Bug Bites and Stings: Keeping It Simple
Many areas are opening back up for travel, and many of us are spending more time outdoors. How fun! Spending more times outdoors and in certain areas however can increase the chance of bites and stings.
Use these rules of thumb to assess bites and stings...and help manage the redness, swelling, or itching they can cause.
Prevention Is Key
Covering exposed skin as much as possible especially at night, in dense woods, or other situations where you may be at increased chance of bites/strings.
Insect repellents with DEET 10% to 30% or even picaridin will ward off most biting bugs.
Investigate The Culprit
By reviewing photos of bites from fire ants, bees,spider and other insects you can help identify the culprit. Make sure to use reliable sources for reference.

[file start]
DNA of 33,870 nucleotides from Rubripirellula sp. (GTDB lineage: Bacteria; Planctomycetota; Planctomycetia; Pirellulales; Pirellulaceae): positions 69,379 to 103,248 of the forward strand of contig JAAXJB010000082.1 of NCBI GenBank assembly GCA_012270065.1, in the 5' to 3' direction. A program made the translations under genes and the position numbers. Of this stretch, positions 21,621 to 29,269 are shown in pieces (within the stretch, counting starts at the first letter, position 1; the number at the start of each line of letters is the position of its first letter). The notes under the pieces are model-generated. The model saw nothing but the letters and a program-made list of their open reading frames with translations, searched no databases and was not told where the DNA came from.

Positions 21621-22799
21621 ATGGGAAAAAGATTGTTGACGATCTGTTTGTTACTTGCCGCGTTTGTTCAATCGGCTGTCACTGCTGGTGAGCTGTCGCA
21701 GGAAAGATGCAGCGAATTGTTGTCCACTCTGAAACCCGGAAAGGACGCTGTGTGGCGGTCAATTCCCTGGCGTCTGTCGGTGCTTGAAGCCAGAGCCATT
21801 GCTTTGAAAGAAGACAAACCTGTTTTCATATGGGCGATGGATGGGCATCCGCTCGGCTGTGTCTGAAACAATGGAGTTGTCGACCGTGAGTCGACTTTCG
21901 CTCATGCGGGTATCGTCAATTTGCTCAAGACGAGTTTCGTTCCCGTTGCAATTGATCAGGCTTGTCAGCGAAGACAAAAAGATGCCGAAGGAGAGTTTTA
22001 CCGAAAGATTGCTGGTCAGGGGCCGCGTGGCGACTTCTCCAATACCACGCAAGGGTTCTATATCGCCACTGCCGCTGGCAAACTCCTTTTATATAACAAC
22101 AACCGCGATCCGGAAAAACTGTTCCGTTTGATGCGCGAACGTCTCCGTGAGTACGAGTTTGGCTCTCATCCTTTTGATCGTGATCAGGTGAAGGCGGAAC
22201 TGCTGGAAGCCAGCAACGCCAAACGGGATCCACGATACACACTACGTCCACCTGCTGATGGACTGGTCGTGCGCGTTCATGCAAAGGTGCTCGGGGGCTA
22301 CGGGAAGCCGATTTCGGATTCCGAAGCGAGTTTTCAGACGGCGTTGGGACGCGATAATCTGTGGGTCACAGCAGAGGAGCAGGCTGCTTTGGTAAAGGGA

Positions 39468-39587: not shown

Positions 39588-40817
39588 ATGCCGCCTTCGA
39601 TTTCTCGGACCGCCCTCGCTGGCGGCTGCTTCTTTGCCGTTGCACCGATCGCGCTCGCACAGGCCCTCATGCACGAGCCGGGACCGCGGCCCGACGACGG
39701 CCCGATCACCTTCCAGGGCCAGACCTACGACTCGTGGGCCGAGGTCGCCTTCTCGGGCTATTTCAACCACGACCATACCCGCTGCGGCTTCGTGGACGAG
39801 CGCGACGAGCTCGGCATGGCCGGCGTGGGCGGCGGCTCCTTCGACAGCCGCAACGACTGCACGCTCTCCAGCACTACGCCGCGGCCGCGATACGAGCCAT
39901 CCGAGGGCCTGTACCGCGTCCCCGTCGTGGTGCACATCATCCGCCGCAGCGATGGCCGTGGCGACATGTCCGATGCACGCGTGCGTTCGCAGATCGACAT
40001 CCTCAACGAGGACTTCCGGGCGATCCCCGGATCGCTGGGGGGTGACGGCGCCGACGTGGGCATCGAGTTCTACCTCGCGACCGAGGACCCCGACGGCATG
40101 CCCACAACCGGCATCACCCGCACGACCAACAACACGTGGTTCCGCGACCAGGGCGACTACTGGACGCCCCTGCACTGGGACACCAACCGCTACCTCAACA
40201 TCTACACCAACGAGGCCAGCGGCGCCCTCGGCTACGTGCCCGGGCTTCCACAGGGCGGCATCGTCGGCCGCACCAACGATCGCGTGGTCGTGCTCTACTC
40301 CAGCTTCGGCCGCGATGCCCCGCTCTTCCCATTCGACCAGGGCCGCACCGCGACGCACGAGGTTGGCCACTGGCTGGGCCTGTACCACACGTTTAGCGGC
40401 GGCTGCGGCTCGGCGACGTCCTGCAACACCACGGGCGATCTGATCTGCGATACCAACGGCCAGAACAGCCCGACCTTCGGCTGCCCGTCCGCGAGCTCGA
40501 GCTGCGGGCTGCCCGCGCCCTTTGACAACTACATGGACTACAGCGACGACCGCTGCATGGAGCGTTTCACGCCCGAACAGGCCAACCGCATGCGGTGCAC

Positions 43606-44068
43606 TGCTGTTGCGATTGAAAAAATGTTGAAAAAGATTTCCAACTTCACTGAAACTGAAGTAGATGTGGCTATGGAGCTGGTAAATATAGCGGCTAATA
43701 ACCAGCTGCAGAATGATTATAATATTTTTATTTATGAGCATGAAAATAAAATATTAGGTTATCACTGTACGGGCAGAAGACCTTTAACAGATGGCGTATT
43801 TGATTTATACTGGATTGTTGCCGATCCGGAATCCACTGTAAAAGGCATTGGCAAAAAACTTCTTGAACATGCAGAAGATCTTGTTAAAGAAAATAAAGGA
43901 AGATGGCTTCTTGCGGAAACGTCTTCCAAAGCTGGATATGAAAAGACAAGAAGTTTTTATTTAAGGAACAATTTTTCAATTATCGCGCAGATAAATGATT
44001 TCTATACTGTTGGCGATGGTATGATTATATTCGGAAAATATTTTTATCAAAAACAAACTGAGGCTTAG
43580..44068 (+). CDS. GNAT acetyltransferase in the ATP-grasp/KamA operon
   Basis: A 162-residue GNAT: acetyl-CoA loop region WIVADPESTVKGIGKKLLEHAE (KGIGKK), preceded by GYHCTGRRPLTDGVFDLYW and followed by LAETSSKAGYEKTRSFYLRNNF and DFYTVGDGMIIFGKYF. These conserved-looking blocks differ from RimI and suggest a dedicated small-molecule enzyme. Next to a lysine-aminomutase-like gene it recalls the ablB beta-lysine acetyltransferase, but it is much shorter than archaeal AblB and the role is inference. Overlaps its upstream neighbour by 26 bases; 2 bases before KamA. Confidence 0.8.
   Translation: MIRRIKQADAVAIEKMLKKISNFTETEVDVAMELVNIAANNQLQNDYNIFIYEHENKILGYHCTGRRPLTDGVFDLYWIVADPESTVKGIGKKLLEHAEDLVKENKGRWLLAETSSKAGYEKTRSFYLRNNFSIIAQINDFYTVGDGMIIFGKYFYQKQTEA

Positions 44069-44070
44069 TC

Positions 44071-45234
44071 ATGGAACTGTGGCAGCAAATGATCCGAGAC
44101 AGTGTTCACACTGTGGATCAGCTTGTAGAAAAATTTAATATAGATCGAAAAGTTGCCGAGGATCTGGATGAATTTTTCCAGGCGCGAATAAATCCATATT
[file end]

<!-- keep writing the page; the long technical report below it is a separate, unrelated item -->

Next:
Also consider where you have recently been as it may eliminate or hint at the culprit. Location, grouping of bites, and timing of symptom onset are all helpful. For instance, think of mosquitoes if near a lake.
There are other causes that may look similar to bites such as folliculitis, MRSA infection, or shingles.
Seek Medical Attention
Have a medical provider evaluate you when there are signs of infection (warmth, spreading redness, pus formation) or if symptoms persist/escalate. You should seek emergency care for a systemic reaction (fever, hives, trouble breathing, etc) or severe pain.
Cold compresses are a great start to help swelling. If you are experiencing pain acetaminophen or ibuprofen are great choices for relief.
Short-term use of a topical product such as hydrocortisone or calamine is great for itching, and redness. There's no good evidence for one product over another.
-Dane Van Lizzen Pharm D
- Am Fam Physician 2013;88(12):841-7
- Ann Allergy Asthma Immunol 2017;118(1):28-54